f The Wittenberg Door: The Puritans, Work, and You

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Commenting on Christendom, culture, history, and other oddities of life from an historic Protestant perspective.

Monday, February 24, 2014

The Puritans, Work, and You

It seems easy to fall prey to our culture’s negative attitude towards work. We say that we’re “off to the salt mines,” or we claim to be “working for the weekends.”

The Puritans, however, held a very different view. They believed that work should be kept in high esteem. They believed this because they were theologically committed to an integrated view of life: all was spiritual; all was worship; all was service unto the Lord.

A true believing Christian . . . lives in his vocation by his faith. Not only my spiritual life but even my civil life in this world, and all the life I live, is by the faith of the Son of God; He exempts no life from the agency of his faith.

John Cotton (1584–1652)

Work was also a way for Christians to obey God by fulfilling the Cultural Mandate, which is found in Gen. 1:28. In that passage God tells us, via our first parents, to “be fruitful and multiply” and to subdue the earth. The first is a command to create cultures; the second is a command to build civilizations.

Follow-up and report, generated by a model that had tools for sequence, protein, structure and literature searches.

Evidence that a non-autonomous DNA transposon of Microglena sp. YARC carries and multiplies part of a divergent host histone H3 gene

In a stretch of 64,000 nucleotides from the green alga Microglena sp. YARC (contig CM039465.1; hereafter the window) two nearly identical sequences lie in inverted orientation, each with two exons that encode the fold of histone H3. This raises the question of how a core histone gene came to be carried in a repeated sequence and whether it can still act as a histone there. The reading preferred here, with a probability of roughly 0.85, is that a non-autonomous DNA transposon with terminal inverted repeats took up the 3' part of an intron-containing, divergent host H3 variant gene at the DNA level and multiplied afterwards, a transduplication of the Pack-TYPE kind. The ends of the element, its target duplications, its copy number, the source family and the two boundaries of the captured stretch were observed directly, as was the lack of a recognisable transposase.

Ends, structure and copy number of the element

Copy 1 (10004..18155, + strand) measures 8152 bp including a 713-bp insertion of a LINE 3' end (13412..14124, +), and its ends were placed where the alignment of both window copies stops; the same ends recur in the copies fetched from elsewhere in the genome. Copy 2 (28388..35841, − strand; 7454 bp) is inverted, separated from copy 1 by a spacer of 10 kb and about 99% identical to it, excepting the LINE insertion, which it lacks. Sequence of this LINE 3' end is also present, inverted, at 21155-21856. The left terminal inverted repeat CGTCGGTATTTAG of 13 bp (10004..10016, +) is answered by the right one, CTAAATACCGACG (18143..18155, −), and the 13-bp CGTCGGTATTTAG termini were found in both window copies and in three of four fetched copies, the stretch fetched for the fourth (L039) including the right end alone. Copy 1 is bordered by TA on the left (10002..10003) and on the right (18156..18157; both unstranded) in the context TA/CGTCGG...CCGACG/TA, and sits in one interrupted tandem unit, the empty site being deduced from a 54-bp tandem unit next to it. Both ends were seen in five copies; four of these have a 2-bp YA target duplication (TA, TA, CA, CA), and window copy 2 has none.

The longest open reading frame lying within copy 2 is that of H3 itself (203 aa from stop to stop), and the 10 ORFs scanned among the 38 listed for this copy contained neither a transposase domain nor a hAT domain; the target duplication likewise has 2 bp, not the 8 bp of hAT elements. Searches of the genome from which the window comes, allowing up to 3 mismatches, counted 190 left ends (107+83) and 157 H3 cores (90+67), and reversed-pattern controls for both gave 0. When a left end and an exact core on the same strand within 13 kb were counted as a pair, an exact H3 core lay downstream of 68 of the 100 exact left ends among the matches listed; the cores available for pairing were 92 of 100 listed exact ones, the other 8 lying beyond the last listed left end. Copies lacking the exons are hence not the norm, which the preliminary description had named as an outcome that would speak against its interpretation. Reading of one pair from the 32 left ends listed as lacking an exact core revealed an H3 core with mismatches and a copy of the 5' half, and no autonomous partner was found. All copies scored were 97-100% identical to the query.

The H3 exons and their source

God hath made man a societal creature. We expect benefits from human society. It is but equal that human society should receive benefits from us.

Cotton Mather (1663-1728)

The Cultural Mandate was given prior to the Fall. Man was created to work with joy and with satisfaction. It was only after the Fall that weeds entered the garden, that work became toil.

I believe we modern Christians would do well to recover the Puritan view of work as service unto God, and also as service unto men. This is not only good, but good for us—for great joy is found therein.

The main end of our lives . . . is to serve God in the serving of men in the works of our callings. . . . Some man will say perchance: What, must we not labor in our callings to maintain our families? I answer: this must be done: but his is not the scope and end of our lives. The true end of our lives is to do service to God in serving of man.

William Perkins (1558-1602)

--The Catechizer

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